Only, though he cannot pay the talents, for he has lost them, he has a wife and children and other things, of which it is written, "All that he has." And it was possible that when he had been sold along with his own, he would have prospered if some one had bought him, and, by his worth and the things that were his, have paid the whole debt in full; and it was possible that he might no longer be the servant of the king, but become that of his purchaser. And he makes a request that he be not sold along with his own, but may continue to abide in the house of the king; wherefore he fell down and worshipped him, knowing that the king was God, and said, "Have patience with me, and I will pay thee all;" for he was, as is probable, an active man, who knew that he could by a second course of action fill up the whole deficiency of the former loss of many talents. And this truly good king was moved with compassion for the man who owed him many talents and then released him, having bestowed upon him a favour greater than the request which had been made; for the debtor promised to the long-suffering master to pay all his debts, but the Lord moved with compassion for him did not merely forgive him with the idea of receiving his own back as a result of his patience, but even entirely released him and forgave him the whole debt. But this wicked servant, who had besought his master to have patience for his many talents, acted without mercy, for, having found one of his fellow-servants which owed him a hundred pence, he laid hold on him and took him by the throat, saying, "Pay if thou owest." And did he not exhibit the very excess of wickedness who laid hold of his fellow-servant for a hundred pence, and took him by the throat and deprived him of freedom to breathe, when he himself, for the many talents, had neither been laid hold of, nor seized by the throat, but at first was ordered to be sold along with his wife and children and all that was his own; but afterwards, when he had worshipped him, the master was moved with compassion for him, and he was released and forgiven in regard to the whole of the debt. But it were indeed a hard task to tell according to the conception of Jesus who is the one fellow-servant who was found to be owing a hundred pence, not to his own lord, but to him who owed many talents, and who are the fellow-servants who saw the one taking by the throat, and the other taken, and were exceedingly sorry, and represented clearly unto their own lord all that had been done. But what the truth in these matters is, I declare that no one can interpret unless Jesus, who explained all things to His own disciples privately, takes up His abode in his reason, and opens up all the treasures in the parable which are dark, hidden, unseen, and confirms by clear demonstrations the man whom He desires to illumine with the light of the knowledge of the things that are in this parable, that he may at once represent who is brought to the king as the debtor of many talents, and who is the other one who owes to him a hundred pence, etc.; whether he can be the man of sin previously mentioned, or the devil, or neither of these, but some other, whether a man, or some one of these under the sway of the devil; for it is a work of the wisdom of God to exhibit the things have have been prophesied concerning those who are in themselves of a certain nature, or have been made according to such and such qualities, whether among visible powers or also among some men, in whatever way they may have been written by the Holy Spirit. But as we have not yet received the competent mind which is able to be blended with the mind of Christ, and which is capable of attaining to things so great, and which is able with the Spirit to "search all things, even the deep things of God," we, forming an impression still indefinitely with regard to the matters in this passage, are of opinion that the wicked servant indicated by the parable who is here represented in regard to the debt of many talents, refers to some definite one.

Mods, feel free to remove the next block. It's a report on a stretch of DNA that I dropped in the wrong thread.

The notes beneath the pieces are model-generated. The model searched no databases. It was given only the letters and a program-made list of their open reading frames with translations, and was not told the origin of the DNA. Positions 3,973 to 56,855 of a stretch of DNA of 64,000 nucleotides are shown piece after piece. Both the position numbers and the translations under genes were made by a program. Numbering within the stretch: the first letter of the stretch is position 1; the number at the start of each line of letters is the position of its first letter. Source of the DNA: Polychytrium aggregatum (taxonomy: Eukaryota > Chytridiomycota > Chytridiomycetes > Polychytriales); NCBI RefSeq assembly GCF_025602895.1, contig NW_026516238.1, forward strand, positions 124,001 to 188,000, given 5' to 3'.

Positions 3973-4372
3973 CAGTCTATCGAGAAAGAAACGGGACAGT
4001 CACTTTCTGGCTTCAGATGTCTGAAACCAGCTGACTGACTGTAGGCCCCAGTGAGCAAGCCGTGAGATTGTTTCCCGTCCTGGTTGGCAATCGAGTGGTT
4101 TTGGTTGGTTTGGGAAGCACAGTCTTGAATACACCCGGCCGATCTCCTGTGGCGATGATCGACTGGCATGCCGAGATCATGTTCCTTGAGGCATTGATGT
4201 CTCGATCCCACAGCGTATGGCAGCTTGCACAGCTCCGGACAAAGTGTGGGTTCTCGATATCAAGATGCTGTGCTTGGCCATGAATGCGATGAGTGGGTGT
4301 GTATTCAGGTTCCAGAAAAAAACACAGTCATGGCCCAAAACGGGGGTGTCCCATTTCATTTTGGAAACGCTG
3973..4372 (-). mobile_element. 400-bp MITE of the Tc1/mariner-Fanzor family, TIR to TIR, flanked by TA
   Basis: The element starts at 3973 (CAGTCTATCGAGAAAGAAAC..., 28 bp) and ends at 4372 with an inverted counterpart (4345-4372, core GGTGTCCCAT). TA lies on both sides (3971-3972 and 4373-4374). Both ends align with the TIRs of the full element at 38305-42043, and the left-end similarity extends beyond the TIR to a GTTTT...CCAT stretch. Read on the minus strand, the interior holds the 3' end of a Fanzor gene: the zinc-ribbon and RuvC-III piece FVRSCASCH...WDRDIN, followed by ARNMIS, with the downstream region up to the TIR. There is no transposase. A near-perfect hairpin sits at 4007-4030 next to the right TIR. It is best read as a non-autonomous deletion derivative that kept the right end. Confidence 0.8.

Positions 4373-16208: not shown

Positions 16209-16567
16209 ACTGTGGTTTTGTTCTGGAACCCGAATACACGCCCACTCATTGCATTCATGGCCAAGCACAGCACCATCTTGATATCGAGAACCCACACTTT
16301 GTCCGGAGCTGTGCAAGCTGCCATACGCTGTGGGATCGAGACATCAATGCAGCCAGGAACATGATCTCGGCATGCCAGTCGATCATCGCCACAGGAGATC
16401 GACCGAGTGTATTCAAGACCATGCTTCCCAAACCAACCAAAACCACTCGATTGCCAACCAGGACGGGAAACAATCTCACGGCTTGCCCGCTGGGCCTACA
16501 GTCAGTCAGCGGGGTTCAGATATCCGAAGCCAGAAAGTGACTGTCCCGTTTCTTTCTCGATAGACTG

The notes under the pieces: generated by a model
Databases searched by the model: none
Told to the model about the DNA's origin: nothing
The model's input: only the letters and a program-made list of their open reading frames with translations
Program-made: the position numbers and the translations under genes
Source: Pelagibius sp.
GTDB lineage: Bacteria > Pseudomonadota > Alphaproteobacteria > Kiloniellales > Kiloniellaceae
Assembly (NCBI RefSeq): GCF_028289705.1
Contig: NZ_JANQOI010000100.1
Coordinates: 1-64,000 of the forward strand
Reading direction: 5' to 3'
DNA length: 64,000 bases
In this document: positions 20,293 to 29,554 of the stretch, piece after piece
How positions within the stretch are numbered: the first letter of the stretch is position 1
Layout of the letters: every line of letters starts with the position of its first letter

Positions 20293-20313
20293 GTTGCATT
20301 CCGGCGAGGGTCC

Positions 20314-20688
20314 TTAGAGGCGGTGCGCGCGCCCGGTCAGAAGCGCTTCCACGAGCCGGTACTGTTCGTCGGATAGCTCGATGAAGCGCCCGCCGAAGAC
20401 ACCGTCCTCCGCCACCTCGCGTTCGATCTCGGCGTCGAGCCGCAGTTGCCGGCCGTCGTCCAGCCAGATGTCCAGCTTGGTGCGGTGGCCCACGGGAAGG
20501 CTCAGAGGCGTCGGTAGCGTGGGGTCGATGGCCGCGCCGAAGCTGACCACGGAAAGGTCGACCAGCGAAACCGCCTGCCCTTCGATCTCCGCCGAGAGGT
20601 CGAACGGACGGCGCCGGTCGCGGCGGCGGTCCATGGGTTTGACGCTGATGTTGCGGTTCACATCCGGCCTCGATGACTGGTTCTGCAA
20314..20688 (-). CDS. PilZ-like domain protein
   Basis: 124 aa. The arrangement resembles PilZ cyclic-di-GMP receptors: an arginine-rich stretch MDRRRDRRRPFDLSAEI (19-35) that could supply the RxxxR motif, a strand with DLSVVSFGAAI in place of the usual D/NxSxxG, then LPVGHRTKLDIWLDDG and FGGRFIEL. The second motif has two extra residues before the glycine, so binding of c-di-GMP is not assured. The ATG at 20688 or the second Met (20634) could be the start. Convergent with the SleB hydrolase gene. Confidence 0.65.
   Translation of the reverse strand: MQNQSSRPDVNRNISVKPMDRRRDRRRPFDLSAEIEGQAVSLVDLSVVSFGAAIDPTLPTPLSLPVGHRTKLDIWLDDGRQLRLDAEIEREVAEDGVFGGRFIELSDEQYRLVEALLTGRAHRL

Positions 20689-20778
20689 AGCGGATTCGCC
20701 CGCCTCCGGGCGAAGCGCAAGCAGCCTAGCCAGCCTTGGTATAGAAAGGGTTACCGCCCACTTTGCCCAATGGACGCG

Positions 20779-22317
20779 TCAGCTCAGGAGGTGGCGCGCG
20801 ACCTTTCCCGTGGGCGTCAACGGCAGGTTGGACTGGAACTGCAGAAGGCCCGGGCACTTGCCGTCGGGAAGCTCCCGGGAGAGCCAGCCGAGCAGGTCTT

Origen on Matthew 400